Jan 9, 2004, 5:10 am
A Northborough man who tried to cash in on a mistake by the state Lottery Commission to collect a $4 million cash prize for a winning scratch ticket had his claim thrown out yesterday by the state Appeals Court.
In 1996, Robert Jacobs purchased a winning instant lottery ticket at the Route 9 Beer and Wine store in Southborough.
Although the winning ticket was worth only $10 "on its face," Jacobs claimed he was entitled to a $4 million prize because of a mistake in advertising that accompanied the lottery's "Holiday Bonus" game, according to the Appeals Court's ruling.
The rules printed on the scratch tickets -- "Get a * symbol and win prize shown automatically" -- were correct.
"However, promotional materials provided to the sales agents for public display -- wall posters and countertop change mats -- showed this incorrect rule: 'Get a * symbol, win all ten prizes automatically,'" the court said.
A clerk at the Southborough store told Jacobs he only won $10, but the Northborough resident claimed he was entitled to the combined value of all 10 prizes shown on the ticket -- a total of $4,001,350.
Jacobs left the store with the ticket as well as a change mat advertising the incorrect rule.
But he waited about a year and a half to file a formal claim for the $4 million prize with the Lottery Commission. In the meantime, the commission had discovered the mistake and notified lottery sales agents of the error.
After the commission rejected Jacobs' claim in 2000, he filed suit in Superior Court, but the court upheld the commission's decision.
Yesterday, three Appeals Court justices upheld the lower court's ruling.
Efforts to reach Jacobs were unsuccessful yesterday. His attorney, John Kerr, did not return a telephone call seeking comment. A lottery spokeswoman declined to comment, saying the commission doesn't discuss pending litigation.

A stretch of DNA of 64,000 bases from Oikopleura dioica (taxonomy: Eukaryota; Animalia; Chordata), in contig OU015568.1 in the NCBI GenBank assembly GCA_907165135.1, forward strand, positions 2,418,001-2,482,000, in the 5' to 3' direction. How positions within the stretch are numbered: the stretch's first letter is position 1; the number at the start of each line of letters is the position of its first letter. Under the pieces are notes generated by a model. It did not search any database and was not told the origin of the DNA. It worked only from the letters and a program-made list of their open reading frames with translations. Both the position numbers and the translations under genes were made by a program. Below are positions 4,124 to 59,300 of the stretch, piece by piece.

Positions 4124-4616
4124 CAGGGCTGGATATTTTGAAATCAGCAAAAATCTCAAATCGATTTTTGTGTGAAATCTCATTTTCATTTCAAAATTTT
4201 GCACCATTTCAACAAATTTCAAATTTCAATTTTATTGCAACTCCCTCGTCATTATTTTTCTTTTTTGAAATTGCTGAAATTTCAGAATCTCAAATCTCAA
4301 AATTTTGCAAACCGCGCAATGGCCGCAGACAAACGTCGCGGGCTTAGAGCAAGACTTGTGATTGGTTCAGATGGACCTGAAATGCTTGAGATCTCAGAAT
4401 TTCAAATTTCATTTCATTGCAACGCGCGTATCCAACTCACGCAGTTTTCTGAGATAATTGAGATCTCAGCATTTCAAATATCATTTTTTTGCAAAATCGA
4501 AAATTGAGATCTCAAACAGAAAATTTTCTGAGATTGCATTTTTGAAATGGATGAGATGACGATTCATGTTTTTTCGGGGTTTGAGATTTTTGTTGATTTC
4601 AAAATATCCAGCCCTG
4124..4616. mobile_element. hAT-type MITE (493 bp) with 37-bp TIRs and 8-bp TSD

The Appeals Court concluded the rules printed on the ticket Jacobs bought clearly indicated he only was entitled to a $10 prize.
"Those rules do not appear to us to be unreasonable or unfair," the court stated. "They appear in simple language and in a location on the card where they are likely to be read."
In addition, the court agreed with the lottery that it wasn't contractually bound by the incorrect rules printed in the advertisement.
The court also cited concerns about Jacobs' credibility raised by the lottery hearing officer who denied his claim.
For instance, Jacobs allegedly left the winning ticket and the change mat in his car overnight, behavior the hearing officer said would be "inconsistent" with someone who thought they had just won $4 million.
Jacobs also allegedly changed his story about when he purchased the ticket. At first, he claimed he bought the ticket in early November, before the lottery caught the mistake, but he later admitted he bought it in late December.
The hearing officer said "this self-serving adjustment to the time frame cast serious doubts on Jacobs's credibility," according to the Appeals Court.
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